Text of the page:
Tuesday, June 2, 2015

Having Fun

-By Dan dos Santos

One of the downsides of turning your passion into a vocation, is that it is very easy to get in the rut of not doing your craft unless someone is paying you to do so. After spending all day painting pictures for someone else, the last thing I often feel like doing is spending my time off painting even more.

That's not good for your creativity, or your career. It's important to remain passionate about you do.

I've recently taken to attending a local Drink & Draw every week at one of my favorite coffee shops. I typically only stay for about 2 or 3 hours, but in that time, I get to drawing things I wouldn't normally draw, in mediums I wouldn't normally work in, without reference, and with absolutely no worries about whether or not it comes out well.

When working professionally, there is a standard of quality that your client comes to expect of you. Sadly, experimentation does not lend itself well to a consistent workflow. The result is, I rarely take real chances in my professional work.

At the Drink & Draw, I use markers, colored pencils, charcoal, white out, and even crayons at times... all without worrying if it's going to be 'good' or not when I'm done. It doesn't matter... not even a little!

That has been really liberating for me, lately.

I now find myself MAKING time each week so I can paint for myself. I've even been bringing some new found techniques and excitement back into my professional work, rekindling my enthusiasm when I need it most.

Here are a few miniature X-Men paintings I've done lately. I challenged myself to do one an evening for three evenings straight.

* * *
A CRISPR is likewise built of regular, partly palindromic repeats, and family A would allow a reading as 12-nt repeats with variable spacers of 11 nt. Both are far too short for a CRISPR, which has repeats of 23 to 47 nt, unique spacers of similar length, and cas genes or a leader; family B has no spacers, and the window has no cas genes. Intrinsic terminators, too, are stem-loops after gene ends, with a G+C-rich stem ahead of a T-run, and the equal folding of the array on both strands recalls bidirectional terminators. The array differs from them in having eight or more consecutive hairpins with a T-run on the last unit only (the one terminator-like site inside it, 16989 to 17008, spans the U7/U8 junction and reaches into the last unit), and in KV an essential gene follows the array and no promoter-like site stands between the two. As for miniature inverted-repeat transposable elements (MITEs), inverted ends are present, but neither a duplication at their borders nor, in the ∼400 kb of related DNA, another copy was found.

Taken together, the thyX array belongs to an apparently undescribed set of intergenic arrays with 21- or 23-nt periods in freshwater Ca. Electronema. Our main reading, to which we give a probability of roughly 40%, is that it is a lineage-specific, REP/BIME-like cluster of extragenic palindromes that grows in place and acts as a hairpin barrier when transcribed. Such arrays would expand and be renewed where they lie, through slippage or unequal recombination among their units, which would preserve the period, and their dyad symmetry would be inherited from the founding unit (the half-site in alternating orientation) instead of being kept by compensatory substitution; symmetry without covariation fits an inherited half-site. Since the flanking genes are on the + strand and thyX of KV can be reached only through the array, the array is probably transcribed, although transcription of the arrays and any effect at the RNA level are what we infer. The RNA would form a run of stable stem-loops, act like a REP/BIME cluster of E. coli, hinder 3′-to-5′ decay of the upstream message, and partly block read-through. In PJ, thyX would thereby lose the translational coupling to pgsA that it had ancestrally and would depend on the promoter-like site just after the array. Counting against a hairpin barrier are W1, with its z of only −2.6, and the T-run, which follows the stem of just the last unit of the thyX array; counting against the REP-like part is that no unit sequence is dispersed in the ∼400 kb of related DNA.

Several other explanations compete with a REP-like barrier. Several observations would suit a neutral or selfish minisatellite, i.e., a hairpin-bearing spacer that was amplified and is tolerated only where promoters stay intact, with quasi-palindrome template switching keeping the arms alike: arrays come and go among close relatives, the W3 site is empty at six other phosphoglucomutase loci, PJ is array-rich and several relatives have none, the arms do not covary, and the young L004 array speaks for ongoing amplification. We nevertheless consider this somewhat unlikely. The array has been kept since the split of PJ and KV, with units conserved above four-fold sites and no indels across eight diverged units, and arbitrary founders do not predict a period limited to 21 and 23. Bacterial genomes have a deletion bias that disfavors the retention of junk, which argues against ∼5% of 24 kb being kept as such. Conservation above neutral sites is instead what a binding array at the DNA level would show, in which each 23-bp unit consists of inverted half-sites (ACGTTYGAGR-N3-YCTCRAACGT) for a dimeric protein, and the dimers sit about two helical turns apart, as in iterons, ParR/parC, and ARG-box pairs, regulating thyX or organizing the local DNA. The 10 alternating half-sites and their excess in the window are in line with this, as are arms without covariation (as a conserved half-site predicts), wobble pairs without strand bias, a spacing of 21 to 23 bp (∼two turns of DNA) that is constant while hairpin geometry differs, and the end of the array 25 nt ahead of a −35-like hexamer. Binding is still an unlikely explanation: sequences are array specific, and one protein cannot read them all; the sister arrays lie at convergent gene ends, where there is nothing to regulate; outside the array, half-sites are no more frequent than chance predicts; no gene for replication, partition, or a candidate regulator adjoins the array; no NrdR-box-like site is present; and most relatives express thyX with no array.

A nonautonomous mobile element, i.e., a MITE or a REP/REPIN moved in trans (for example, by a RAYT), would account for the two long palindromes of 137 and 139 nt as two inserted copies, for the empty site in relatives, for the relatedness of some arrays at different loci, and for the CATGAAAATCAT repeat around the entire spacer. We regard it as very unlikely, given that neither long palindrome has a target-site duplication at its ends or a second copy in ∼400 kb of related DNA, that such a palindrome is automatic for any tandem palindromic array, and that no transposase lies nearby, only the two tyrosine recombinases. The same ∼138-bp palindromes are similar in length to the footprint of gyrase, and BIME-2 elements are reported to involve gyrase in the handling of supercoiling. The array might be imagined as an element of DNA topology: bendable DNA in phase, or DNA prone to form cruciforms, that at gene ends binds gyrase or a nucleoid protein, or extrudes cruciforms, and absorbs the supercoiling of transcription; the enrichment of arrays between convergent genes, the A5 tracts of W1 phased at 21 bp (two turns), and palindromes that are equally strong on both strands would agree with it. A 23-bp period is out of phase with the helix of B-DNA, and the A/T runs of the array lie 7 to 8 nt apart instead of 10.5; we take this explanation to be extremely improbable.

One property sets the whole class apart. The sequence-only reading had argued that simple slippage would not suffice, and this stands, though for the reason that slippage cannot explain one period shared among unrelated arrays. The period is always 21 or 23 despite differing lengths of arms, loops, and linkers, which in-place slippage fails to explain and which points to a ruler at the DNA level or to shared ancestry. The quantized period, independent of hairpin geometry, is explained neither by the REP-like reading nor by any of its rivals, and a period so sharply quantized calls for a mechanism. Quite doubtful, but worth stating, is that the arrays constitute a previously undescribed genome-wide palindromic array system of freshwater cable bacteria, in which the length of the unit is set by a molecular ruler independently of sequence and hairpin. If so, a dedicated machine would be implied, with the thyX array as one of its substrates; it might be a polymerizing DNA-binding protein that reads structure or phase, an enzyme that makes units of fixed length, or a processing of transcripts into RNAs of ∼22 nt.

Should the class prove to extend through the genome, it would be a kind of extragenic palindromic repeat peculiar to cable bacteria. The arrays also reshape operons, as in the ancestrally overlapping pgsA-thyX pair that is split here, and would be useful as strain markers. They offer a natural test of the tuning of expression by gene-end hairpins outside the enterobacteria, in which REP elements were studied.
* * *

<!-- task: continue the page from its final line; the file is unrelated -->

For this piece, I started with a pencil sketch on a piece of 8x8 inch board which had been primed in grey acrylic.

I sealed the pencil with a few washes of acrylics, and then did the majority of the modeling using a few colored pencils. The colored pencils provide a such a great groundwork, that even slight coat of oils results in a fairly finished look in a surprisingly short amount of time.

I'm planning to set aside a few more evenings to do several more of these. My hope to do portraits of all my favorite Mutants.


  1. These are amazing! Good you found your enthusiasm again : )

  2. Great stuff!! What kind of colored pencils do you use? I bought some artist grade colored pencils but they are waxy and hard to paint over, or does the acrylic washes cover it good enough to paint over. Just curious, love your art.

    1. Mine are prismacolor premier. They go well over acrylic, provided you don't paint think and rubbery. If so, a light coat of workable fixative gives t enough tooth for another layer.

  3. Amazing! Drawing or painting without the pressure of it "being good" is really important (even tho it's often very hard for me to shut off that little voice in my head and just have fun). LOVE the X-Men portraits! Keep 'em coming and good job getting in some fun painting time for yourself!

  4. That Joker is a great design and the Byrne+Claremont X-Men was pretty much my first comic so you are hitting some of my faves with your D+D pieces.

    Over the years I have gotten to know a few professional illustrators and the thing I found most interesting is the lack of self-indulgent work. Their sketchbooks are packed with cool prelims, layouts and design ideas but nothing that just looks like it was made on a whim.

    Drawing is not what pays my rent, so my sketchbooks are full of crap from what I have been watching or playing. Seeing art somewhat divorced from an artists personal passions or interests was somewhat confusing and even worrying. I am sure that some artists draw a lot of enjoyment from the problem solving that comes with fulfilling a clients needs, while also trying to put their own fingerprint in the work but I have always wondered about this topic, thanks for shedding some light on it from your perspective.

    1. I obviously enjoy solving a client's problems. It's just a massive imbalance between professional and personal work. I averaged 2 personal pieces per decade not too long ago.

      It's so easy to let a job take over your life in any profession. But I think many of us fall into this trap when the 'work' is something we love doing.

  5. Its great to see these DnD pieces out in the wider world, Dan! I too find the freedom of DnD refreshing and fun. Glad to see the fun is spilling into the real world for you. Those mini panels look spectacular!


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